" With what gusto I ate! How delicious it was. It was Greek, southern fare. Powerfully, like the body of a bull, a whole green pepper lay in the borscht, displaying its side like the bull that abducted Europa."
--Yuri Olesha, Soviet writer,"No Day Without A Line" (1965)

* * *

Click HERE to register your comments...or improve the recipe.

Or do you want to take another look at the homepage MENU?

Or do you want to SEARCH for something specific?

Mockva Borshch

(Malorossisky Borshch)

A grand Russian soup of the people. J. Bahr of Winnipeg, Manitoba, Canada, writes that it is similar to a family recipe brought from the Black Sea area--except "we add chopped dill to the soup right from the beginning as well as coarsely chopped potatoes. We add sweet or sour cream in the bowl of soup after serving (or horseradish to taste). Try it, you'll like it!" Another reader suggests cooking smoked ham hocks in the broth right from the start. Serve hot, as a meal or as a first course, to 6-8 people.

Souptale: Borshch was originally named after a weed--the borshchevik--a universal ingredient in the earliest days of soupmaking. It was only later, in the 10th and 11th centuries, that peasants starting adding beetroot, when it was imported from from Europe into the Ukraine--which then became the main beet-growing region in Russia. In fact, the classic Russian borshch, as noted, is called "malorossisky borshch," from the Old Russian name for Ukraine. While Ukrainians used their abundant beets for everyday soup, in the less fertile north borshch was a special treat only to be cooked for festivals. Thus its great popularity with northern artists. Alexander Pushkin and Nikolai Gogol were known to savor their borshch to the very last drop.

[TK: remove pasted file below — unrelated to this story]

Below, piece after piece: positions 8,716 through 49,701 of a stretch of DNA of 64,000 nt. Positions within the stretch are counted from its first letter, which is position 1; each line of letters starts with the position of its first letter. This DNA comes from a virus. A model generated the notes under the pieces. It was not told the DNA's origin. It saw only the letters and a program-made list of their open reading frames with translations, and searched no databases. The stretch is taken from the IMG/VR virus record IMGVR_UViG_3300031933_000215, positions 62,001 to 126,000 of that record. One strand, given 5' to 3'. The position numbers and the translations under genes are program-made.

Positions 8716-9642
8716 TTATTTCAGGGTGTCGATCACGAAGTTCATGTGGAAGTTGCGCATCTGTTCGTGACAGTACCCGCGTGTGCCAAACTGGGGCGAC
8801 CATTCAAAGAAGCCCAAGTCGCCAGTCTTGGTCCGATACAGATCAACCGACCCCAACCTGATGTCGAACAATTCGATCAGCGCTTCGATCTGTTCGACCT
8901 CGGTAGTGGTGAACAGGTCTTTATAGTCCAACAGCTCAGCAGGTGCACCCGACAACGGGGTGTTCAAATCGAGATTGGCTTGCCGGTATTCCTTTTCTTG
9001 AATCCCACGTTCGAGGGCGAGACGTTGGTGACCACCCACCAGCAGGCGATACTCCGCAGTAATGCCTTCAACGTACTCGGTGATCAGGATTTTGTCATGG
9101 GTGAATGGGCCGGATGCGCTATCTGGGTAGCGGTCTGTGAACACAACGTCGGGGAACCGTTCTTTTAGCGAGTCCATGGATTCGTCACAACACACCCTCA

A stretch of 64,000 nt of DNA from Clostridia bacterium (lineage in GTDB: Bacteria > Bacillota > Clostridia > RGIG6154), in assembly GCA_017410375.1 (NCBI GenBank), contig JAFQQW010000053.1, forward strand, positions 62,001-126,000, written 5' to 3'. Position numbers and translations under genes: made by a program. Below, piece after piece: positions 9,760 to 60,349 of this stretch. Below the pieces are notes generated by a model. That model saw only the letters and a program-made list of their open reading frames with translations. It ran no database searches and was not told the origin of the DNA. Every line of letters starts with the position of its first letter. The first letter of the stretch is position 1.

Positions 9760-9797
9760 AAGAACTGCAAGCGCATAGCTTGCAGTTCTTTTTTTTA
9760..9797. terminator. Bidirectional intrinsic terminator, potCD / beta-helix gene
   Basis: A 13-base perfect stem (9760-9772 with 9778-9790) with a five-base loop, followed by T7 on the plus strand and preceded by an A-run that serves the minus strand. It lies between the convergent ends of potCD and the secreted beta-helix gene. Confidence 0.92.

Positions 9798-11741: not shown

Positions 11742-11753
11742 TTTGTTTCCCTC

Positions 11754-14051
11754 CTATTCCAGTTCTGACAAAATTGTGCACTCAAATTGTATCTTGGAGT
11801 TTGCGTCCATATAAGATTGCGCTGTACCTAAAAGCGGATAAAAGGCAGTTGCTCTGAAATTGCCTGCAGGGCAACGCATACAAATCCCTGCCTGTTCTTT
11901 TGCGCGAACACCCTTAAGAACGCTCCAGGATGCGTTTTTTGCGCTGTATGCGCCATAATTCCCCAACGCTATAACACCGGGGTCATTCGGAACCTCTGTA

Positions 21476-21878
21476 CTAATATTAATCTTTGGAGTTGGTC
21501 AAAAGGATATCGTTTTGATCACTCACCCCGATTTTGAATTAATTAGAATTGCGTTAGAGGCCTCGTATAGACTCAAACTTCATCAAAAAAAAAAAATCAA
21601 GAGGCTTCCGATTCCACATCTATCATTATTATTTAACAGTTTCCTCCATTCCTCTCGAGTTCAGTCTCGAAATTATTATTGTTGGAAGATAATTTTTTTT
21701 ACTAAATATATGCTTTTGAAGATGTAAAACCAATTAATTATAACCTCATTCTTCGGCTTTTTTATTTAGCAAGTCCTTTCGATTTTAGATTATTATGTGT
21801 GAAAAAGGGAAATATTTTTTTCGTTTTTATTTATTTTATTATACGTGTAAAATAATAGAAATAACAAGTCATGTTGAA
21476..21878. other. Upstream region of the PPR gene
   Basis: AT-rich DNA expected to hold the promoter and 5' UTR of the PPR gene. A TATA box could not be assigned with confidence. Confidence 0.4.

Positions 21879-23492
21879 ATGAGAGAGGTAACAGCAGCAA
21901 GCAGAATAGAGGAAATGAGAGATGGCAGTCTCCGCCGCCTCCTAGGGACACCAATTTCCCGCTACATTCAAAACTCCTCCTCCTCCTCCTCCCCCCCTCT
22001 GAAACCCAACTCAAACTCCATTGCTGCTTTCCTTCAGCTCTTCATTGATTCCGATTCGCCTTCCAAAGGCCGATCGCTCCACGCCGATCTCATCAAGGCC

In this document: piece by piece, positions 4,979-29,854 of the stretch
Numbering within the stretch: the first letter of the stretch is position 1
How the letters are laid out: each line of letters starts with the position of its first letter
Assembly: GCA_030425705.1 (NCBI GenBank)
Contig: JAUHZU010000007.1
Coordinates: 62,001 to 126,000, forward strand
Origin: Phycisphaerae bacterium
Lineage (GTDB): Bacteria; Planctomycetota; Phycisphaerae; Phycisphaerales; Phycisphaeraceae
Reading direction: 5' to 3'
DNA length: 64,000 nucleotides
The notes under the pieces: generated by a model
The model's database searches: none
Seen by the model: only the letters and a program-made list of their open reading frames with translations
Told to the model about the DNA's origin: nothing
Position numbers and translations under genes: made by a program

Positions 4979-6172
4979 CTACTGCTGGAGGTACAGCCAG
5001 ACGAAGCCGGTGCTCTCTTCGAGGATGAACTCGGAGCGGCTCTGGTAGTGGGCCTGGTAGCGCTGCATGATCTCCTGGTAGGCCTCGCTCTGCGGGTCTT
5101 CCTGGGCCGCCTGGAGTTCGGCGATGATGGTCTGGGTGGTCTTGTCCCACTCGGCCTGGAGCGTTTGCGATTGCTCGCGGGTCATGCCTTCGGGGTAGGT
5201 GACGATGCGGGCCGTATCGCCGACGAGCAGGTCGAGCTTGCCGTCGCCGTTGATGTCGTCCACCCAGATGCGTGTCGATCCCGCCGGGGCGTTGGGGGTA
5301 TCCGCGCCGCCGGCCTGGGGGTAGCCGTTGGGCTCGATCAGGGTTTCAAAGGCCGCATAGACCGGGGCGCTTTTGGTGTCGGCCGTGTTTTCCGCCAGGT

Garnish: Fresh dill and sour cream

In a Dutch oven, saute the onions in butter for about 5 minutes. Stir in the beets, then add vinegar, sugar, tomatoes, 1 teaspoon of the salt, and a few grindings of pepper. Pour in 1/2 cup of the stock, cover, and simmer for an hour.

Pour the rest of the stock into the soup, add the chopped cabbage, and bring to a boil. Stir in the ham and beef, parsley and bay leaf, and simmer, partially covered for 30 minutes.

When ready to serve, ladle into bowls, sprinkle with chopped fresh dill, and serve with a bowl of whipped sour cream.